The Olympic and Paralympics Games proved last summer that sport has an unrivalled ability to capture the national mood and generate talking points. For many, life has moved on and sport captures their interest only when the right event or moment arrives. But for the modern sports fan, it never stops.
We all know someone who epitomises today's modern sports fan, either at the office or in our circle of friends – the person who seems to live in a never-ending world of "banter". Their need to share, provoke, brag, tease and comment on live sports seem to consume their whole day.
There is always something to react to. Every day there is a sporting event, usually football, happening somewhere in the world, or if not, the 24-hour rolling sports news agenda provides an endless stream of useful ammunition.
Just look at the human punch bag and devoted Arsenal fan Piers Morgan on Twitter. He dishes it out and gets it back in spades, and everyone involved seems to revel in it. His example is not unique; it is behaviour being replicated around the world, across every sport imaginable.
While this behaviour is recognisable in daily life, it may be harder to decipher from a media or planning perspective.
How do brands reach these connected fans that are having multiple private, and not-so-private conversations? At what point can they "butt in"?
It's no secret fans conduct their round-the-clock search for breaking news, results, transfer updates and quick-fire banter via smartphones, and increasingly tablets. So perhaps that's the way in.
And a recent study commissioned by Eurosport gives a detailed picture of how Europeans are using smartphones and tablets, and their patterns of behaviour before, during and after a live sports event.
More than 4,400 people from the UK, France, Germany and Russia were asked to outline which media devices they used to engage with sport, from TV to laptops and tablets to smartphones, how often, and for what reason.
The findings show that for watching live sport, TV remains king – 66% of fans say TV is their favourite medium, compared with 36% watching on a laptop or PC, and 21% via a tablet; no surprises there.
The dynamic changes though in the build -p to a sporting event, with 49% of fans surveyed heading online to message friends, post on social networks, comment in a sports forum or place a bet.
Fans then return online after the final whistle, with 50% of those surveyed using the web to react to the result. At this stage, bragging rights or defending your team's performance are clearly important, with 30% messaging family or friends and 28% posting on a social network, I guess depending on the result, but the need to communicate is there.
The conversation may also be with someone they've never met. Sport fans have a wider circle of connections than others, with an average of 83 "network" acquaintances versus 55 face-to-face contacts, compared to those in the study not interested in sport.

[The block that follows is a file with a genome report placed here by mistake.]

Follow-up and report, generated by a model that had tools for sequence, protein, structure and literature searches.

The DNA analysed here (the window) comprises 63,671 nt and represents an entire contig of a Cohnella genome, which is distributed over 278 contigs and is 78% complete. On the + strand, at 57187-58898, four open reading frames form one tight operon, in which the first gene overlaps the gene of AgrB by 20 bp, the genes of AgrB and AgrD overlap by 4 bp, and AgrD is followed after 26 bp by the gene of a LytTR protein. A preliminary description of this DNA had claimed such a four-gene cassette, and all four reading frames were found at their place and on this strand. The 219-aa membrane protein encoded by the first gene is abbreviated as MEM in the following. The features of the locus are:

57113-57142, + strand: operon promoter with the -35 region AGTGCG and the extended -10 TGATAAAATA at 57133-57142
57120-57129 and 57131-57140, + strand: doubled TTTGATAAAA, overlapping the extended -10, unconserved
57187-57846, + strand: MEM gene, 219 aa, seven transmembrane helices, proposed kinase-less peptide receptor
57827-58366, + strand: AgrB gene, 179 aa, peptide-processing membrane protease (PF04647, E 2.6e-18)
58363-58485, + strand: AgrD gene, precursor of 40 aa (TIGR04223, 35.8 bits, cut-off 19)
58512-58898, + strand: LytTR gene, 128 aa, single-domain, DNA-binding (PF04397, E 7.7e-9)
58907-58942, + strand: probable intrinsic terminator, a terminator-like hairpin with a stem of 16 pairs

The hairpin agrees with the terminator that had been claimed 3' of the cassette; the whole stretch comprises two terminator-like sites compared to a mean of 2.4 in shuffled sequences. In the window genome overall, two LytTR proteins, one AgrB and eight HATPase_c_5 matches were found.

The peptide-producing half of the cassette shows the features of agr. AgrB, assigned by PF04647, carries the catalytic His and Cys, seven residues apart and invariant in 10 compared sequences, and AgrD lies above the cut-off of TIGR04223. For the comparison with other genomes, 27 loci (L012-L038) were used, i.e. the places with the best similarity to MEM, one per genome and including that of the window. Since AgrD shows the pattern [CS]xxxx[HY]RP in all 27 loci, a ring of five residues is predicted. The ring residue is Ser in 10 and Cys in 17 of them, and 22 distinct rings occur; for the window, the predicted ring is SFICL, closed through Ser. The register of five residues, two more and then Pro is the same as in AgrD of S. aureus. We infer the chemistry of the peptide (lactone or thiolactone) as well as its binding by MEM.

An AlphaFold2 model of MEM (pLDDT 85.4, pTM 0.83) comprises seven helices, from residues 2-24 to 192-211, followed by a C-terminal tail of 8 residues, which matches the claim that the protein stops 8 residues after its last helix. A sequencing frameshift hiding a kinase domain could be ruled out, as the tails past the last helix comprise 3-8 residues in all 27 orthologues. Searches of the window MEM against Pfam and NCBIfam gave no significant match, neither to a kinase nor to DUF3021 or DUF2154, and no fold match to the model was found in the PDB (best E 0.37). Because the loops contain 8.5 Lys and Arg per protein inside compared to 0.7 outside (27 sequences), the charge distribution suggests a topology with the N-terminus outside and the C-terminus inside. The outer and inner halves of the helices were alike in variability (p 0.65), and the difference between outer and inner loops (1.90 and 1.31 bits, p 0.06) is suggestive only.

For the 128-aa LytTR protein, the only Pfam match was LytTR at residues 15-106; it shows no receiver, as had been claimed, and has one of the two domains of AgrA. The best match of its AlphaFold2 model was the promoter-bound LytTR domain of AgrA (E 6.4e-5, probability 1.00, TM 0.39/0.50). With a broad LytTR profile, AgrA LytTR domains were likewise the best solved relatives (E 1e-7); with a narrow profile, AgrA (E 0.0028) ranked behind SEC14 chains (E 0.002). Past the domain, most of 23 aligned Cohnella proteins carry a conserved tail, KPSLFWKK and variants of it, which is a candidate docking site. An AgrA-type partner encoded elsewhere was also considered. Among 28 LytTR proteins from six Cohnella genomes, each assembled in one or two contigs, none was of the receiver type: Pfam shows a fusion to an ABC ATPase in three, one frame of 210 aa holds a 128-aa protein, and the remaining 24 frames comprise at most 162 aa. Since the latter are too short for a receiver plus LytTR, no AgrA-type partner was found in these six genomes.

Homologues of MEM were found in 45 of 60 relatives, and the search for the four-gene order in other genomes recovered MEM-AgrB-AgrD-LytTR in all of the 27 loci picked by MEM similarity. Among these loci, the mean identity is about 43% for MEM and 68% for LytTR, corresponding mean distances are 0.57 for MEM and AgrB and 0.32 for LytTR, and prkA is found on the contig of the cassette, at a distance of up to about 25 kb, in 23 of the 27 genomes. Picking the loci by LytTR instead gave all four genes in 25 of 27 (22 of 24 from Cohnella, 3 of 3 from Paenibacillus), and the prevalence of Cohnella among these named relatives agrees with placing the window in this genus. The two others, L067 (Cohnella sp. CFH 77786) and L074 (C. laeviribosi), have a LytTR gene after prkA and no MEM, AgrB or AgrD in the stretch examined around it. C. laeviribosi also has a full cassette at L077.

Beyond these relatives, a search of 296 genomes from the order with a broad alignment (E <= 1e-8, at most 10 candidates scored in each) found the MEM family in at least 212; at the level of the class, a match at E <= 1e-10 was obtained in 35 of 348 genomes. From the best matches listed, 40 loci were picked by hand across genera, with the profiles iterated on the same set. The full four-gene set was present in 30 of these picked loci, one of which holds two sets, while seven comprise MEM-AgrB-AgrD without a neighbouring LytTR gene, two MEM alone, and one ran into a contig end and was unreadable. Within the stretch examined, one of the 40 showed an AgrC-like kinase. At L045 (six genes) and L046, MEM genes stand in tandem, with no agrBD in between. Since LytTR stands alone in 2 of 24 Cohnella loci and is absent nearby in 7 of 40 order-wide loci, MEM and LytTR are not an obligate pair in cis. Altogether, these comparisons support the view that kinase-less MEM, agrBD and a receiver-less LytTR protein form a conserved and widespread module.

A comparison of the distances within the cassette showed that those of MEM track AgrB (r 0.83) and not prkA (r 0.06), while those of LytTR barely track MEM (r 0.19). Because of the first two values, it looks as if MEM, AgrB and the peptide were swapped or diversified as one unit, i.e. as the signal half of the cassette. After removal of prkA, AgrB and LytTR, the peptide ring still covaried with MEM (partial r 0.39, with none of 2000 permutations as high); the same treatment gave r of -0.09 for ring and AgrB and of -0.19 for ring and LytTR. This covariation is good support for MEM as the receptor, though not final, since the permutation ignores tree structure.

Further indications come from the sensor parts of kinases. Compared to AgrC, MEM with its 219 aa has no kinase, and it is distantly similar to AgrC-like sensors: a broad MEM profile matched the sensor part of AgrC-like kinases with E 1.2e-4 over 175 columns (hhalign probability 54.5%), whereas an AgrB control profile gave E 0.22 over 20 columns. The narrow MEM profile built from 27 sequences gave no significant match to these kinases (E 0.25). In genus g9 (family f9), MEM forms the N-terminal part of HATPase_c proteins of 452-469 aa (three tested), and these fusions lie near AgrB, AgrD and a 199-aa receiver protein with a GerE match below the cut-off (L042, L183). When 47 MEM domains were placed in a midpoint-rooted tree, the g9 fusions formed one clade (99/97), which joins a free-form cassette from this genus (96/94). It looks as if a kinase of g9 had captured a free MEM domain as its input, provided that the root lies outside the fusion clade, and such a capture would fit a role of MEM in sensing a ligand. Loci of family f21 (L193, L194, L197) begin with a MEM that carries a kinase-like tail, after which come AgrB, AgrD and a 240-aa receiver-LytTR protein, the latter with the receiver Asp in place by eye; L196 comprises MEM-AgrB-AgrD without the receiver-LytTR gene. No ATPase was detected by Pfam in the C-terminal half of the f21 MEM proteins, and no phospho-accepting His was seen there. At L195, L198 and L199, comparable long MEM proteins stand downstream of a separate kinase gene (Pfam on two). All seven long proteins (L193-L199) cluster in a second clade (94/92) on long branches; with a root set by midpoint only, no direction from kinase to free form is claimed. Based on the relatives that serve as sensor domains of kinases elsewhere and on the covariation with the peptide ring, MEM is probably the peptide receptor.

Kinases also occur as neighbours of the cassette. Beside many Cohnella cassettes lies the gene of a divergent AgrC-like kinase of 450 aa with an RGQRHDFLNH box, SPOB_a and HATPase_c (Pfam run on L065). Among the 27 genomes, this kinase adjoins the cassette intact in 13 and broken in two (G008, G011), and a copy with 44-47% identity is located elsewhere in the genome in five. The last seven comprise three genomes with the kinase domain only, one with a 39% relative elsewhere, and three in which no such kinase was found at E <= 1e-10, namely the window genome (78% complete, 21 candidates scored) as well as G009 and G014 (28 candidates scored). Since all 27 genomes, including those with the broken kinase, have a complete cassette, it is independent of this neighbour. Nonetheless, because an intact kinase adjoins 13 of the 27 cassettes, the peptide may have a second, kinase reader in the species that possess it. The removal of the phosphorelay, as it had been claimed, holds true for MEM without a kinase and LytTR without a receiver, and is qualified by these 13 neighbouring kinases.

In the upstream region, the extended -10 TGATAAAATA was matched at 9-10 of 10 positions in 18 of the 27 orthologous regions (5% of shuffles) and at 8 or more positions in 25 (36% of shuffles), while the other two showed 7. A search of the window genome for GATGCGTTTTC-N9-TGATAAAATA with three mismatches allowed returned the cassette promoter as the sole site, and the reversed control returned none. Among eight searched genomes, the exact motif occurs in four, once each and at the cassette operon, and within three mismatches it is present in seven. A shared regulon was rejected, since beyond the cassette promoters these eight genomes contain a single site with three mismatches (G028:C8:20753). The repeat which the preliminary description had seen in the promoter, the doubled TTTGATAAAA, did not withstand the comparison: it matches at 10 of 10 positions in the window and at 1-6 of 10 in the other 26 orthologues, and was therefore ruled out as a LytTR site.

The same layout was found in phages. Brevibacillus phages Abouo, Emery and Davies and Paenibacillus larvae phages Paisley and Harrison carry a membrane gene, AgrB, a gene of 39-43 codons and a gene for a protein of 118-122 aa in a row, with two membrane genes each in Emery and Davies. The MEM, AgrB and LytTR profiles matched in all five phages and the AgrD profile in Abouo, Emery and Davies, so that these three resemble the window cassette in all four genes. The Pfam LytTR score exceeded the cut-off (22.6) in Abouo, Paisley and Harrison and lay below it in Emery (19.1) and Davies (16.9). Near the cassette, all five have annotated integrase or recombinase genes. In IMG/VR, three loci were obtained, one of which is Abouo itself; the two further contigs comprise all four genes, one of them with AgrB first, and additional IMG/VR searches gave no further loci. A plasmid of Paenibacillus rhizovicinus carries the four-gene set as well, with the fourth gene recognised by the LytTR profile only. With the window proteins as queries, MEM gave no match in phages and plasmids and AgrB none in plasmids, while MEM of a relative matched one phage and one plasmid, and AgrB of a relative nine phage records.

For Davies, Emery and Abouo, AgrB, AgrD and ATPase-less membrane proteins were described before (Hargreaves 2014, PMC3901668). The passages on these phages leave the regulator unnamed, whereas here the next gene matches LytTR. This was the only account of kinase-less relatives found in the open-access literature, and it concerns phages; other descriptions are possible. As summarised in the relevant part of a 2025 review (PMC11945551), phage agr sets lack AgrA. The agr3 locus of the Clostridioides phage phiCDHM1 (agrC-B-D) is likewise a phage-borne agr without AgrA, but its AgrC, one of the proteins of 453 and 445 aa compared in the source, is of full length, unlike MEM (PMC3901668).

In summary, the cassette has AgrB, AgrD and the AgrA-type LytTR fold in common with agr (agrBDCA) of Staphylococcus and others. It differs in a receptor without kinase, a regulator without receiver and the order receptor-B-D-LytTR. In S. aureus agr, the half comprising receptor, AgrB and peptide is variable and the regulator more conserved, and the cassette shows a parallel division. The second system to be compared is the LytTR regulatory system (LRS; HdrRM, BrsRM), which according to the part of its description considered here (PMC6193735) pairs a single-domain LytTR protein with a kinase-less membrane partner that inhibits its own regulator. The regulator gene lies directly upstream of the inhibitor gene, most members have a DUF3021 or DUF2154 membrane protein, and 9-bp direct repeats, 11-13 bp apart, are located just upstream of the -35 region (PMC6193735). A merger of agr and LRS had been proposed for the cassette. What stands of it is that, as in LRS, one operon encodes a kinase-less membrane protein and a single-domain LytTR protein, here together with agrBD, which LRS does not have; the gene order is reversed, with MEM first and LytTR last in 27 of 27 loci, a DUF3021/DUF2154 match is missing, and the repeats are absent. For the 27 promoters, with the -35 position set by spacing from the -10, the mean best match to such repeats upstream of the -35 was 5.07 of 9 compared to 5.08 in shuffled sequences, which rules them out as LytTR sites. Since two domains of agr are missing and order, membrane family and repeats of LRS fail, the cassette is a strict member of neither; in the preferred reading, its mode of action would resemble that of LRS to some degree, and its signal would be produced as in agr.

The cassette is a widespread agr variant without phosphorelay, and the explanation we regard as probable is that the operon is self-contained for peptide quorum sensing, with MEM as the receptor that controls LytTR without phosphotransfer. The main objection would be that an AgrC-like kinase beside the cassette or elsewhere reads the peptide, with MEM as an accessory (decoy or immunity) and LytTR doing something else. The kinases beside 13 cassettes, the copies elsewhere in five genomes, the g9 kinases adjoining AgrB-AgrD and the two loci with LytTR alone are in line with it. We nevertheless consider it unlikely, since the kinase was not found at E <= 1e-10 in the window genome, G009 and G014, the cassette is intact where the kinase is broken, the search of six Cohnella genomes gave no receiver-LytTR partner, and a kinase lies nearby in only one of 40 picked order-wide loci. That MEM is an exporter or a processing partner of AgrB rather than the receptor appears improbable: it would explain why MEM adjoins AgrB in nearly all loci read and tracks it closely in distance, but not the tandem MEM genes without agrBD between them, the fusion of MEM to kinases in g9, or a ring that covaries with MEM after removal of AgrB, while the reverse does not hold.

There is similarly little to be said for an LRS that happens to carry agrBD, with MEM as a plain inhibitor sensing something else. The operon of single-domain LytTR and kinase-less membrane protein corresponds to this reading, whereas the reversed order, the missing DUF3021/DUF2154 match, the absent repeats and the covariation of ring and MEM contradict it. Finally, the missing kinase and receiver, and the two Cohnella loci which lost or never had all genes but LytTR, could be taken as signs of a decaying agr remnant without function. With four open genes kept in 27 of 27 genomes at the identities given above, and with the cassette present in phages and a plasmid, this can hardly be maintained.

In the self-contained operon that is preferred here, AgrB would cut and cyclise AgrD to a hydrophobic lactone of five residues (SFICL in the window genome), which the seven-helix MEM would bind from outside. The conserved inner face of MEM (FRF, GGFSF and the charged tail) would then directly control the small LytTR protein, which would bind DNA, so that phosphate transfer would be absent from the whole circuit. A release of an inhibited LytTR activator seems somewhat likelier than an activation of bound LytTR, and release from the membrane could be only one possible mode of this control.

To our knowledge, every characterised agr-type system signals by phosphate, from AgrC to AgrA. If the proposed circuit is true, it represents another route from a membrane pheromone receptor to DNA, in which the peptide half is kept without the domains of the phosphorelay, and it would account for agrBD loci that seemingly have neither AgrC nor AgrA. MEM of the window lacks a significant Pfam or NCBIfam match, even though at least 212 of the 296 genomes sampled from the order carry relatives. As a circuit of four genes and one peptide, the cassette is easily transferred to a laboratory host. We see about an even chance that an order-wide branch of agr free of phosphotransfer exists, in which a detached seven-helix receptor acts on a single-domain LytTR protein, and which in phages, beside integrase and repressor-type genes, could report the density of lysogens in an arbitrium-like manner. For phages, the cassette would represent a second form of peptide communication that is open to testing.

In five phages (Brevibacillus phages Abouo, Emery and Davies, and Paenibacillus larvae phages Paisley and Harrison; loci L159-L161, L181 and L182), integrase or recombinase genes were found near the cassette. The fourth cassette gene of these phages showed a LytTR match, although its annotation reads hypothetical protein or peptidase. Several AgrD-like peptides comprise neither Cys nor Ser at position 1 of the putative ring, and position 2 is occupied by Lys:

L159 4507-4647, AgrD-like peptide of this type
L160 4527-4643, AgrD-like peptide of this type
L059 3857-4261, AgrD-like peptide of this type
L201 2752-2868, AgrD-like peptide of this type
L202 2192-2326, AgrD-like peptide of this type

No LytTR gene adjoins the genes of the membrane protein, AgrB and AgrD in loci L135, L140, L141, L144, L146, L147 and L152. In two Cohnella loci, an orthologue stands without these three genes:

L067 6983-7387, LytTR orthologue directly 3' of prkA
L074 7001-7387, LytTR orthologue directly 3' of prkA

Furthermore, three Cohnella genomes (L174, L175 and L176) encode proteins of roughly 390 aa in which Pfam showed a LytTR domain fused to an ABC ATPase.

The survey also recorded the rising influence of tablet owners in the media mix, with over 20% of those questioned already owning one.
Tablet owners sent more messages, made more posts on social networks, commented on sports forums and placed more bets, with 38% of owners using their devices to message friends or family during live sport and 40% using them for messages after the event.
Second-screen behaviour now also shapes how broadcasters present their coverage to create more opportunities for interaction. It can range from multiple-court feeds at the Australian Open on Eurosport's online Player service, to Sky giving fans the ability to share the pundits' analysis tools for 'Monday Night Football' via its app.
Fans are heading online with clear patterns of engagement that can only help advertisers and brands plan with more impact and effectiveness. So how can brands butt in to sports fans' banter?
The opportunities for effective ad placement are there online before the live event begins, as the predictions are made and the build up begins. Fans are proactively looking for information about the event, the team and the athletes involved. Then at the end of play the activity turns social as the bragging rights are fought over.
A good start is to position themselves within a sporting environment. Sports fans are well used to seeing commercial partners providing support to their team or sport and so have a high level of positivity towards brands.
Fans even acknowledge brands are necessary in helping sporting events, such as London 2012, take place and this even sets them apart from their competitors. Wherever it is reported, or where live events take place, you can be sure that person we all know will have a comment to make.
As we saw in recent weeks with Lance Armstrong, and for nearly all of 2012, sport consistently makes its way from the back page to the front page and its ability to absorb our daily life shows little sign of abating.